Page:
January 26, 2010    Volume 17, No. 2

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Outsourcing Firms And Foreign Countries Target More American Service Industries, Especially U.S. Law Firms

By Richard A. McCormack

More countries are successfully emulating India's fast growing outsourcing business sector and are targeting a broader array of services for growth, according to Duke University's Offshoring Research Network and PricewaterhouseCoopers. Foreign governments are providing incentives for new companies to start selling services to firms located in high-cost regions including the United States, according to a survey of 500 global outsourcing companies.

The number of outsourcing firms is growing fast in Latin America, Eastern Europe and Asia. "New entrants from these emerging regions can be expected to intensify competition among providers, especially for commoditized contract centers, business process outsourcing and IT services," says the study.

Governments throughout the world, and especially China, have put in place policies and financial incentives to attract and nurture outsourcing firms. These policies are now "impacting the market," says the Duke University-PricewaterhouseCoopers study. "Growing competition among countries, cities and providers has transformed the outsourcing industry into a global race for market share. India's success and pride as 'the world's back office' has motivated other developing countries with a significantly underutilized university-educated population to replicate what India has done."

China is especially active in promoting its outsourcing industry. "It has mounted a vigorous challenge to India's software development outsourcing industry," says the study. "More and more U.S. and European companies are outsourcing software and IT services directly to Chinese service providers."

China has designated 20 cities as "outsourcing hubs to attract more international investment and has provided them with tax breaks, labor hour systems and employment subsidies," according to PricewaterhouseCoopers and Duke. China has created an outsourcing "demonstration" city -- Hefei -- which has already attracted numerous multinational companies to shift work there, including IBM, General Electric, Exxon Mobil, Motorola and Mitsubishi Heavy Industries.

The Philippine government has declared outsourcing a priority industry and has implemented policies -- formation of economic zones and income-tax holidays -- to boost foreign investment, according to the study entitled "Is the Global Outsourcing Industry In For a No-Holds-Barred Competition?"

Many low-labor-cost countries are bypassing the "commodity" outsourcing services such as call centers. They have pools of highly trained professionals who can provide services in design, innovation, knowledge processes, finance and accounting, marketing and sales, human resource management and procurement.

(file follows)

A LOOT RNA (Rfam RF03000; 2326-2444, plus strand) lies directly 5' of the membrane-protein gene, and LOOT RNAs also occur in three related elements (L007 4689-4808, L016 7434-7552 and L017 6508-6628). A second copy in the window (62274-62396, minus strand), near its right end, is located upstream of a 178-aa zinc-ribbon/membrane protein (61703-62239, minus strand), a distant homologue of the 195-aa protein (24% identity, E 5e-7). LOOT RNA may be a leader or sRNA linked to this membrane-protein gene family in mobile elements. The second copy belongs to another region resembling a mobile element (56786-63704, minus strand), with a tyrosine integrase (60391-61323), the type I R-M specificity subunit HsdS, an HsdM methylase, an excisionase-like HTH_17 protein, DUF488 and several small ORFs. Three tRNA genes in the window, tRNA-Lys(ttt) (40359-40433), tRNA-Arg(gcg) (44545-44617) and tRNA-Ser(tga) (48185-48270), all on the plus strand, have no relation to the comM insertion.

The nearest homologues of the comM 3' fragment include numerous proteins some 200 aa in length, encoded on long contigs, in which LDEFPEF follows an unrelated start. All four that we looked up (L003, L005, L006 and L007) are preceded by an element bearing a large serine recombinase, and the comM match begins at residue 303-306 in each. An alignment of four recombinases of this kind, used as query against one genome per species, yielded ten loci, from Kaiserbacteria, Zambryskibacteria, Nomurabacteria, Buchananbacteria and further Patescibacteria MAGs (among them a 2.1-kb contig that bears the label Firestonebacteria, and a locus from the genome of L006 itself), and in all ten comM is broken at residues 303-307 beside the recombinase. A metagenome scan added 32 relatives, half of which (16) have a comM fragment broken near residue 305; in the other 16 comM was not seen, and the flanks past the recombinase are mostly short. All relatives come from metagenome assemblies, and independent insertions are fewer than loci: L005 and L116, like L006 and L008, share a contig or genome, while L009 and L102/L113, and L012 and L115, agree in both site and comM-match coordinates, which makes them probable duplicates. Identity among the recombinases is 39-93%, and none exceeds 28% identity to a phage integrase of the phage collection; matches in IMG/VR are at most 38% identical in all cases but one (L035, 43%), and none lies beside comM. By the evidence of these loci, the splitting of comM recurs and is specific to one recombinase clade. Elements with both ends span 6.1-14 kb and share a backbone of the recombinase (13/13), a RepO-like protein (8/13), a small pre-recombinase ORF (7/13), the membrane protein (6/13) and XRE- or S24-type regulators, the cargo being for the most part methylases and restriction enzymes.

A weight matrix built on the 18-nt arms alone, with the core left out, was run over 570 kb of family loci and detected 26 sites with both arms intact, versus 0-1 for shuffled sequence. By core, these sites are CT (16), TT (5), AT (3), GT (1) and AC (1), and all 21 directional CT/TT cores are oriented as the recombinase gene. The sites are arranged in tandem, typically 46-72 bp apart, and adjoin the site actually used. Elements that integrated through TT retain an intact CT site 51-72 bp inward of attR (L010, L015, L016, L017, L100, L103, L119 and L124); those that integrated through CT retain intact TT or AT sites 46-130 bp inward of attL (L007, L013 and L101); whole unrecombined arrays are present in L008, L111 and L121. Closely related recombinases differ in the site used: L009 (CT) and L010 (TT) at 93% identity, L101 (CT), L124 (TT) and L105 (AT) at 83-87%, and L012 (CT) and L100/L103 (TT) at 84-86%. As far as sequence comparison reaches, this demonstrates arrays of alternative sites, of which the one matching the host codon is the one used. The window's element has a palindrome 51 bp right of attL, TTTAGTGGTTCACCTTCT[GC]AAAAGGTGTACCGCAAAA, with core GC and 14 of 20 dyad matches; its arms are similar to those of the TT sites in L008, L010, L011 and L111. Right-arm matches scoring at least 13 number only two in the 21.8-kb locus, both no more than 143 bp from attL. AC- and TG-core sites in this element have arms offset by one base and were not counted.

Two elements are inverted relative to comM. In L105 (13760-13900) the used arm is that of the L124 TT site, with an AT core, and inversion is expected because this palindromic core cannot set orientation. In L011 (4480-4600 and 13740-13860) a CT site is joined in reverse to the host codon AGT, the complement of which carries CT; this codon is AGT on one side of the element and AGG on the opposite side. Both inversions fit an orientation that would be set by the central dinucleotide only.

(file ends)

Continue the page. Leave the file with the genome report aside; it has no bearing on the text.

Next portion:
Legal services offshoring (LSO) is the next big thing, due to high margins and economic pressures on law firms. There have been "profound changes in companies' perceptions of the legal industry, once regarded as a sensitive and privileged activity that needed to be kept in-house," says the study. "The attractive economic benefit of LSO may explain the high number of service providers entering the market and of companies exploring opportunities to outsource their most routine legal activities over the past few years." In India, the legal process outsourcing industry has grown by 40 percent per year, and there are now 110 service providers concentrating in that specialty area.

Eastern European companies are also quickly emerging in the outsourcing industry, especially in software development, due to their proximity to Western Europe and the technology and R&D focus of their educational systems.

Demand for offshore outsourcing of services is being driven by the economic downturn. Until recently, companies were outsourcing functions because they could not find qualified workers. The primary reason now for outsourcing is cost savings. "A strong interest in cost reduction shows up in service provider selection decisions: 52 percent of service providers indicate low cost of service delivery is one of the five most important selection criteria," says the Duke-PWC study. "To ensure the realization of expected cost savings, a majority of companies include expected savings as part of the explicit contract terms."

Outsourcing companies continue to experience rapid growth "in spite of the difficult economic environment," says the study. "A large number of providers indicate their aggressive plans to initiate new software development and IT services in the next 18 to 36 months. In addition, the number of service providers planning to offer new finance and accounting, human resources and innovation services has more than doubled relative to the 2007-2008 survey responses."

The American outsourcing companies -- Accenture, HP and IBM -- have started growing their operations in places other than India, says the study, authored by Charles Aird (charles.aird@us.pwc.com) and Derek Sappenfield (Derek.sappenfield@us.pwc.com) of PricewaterhouseCoopers.

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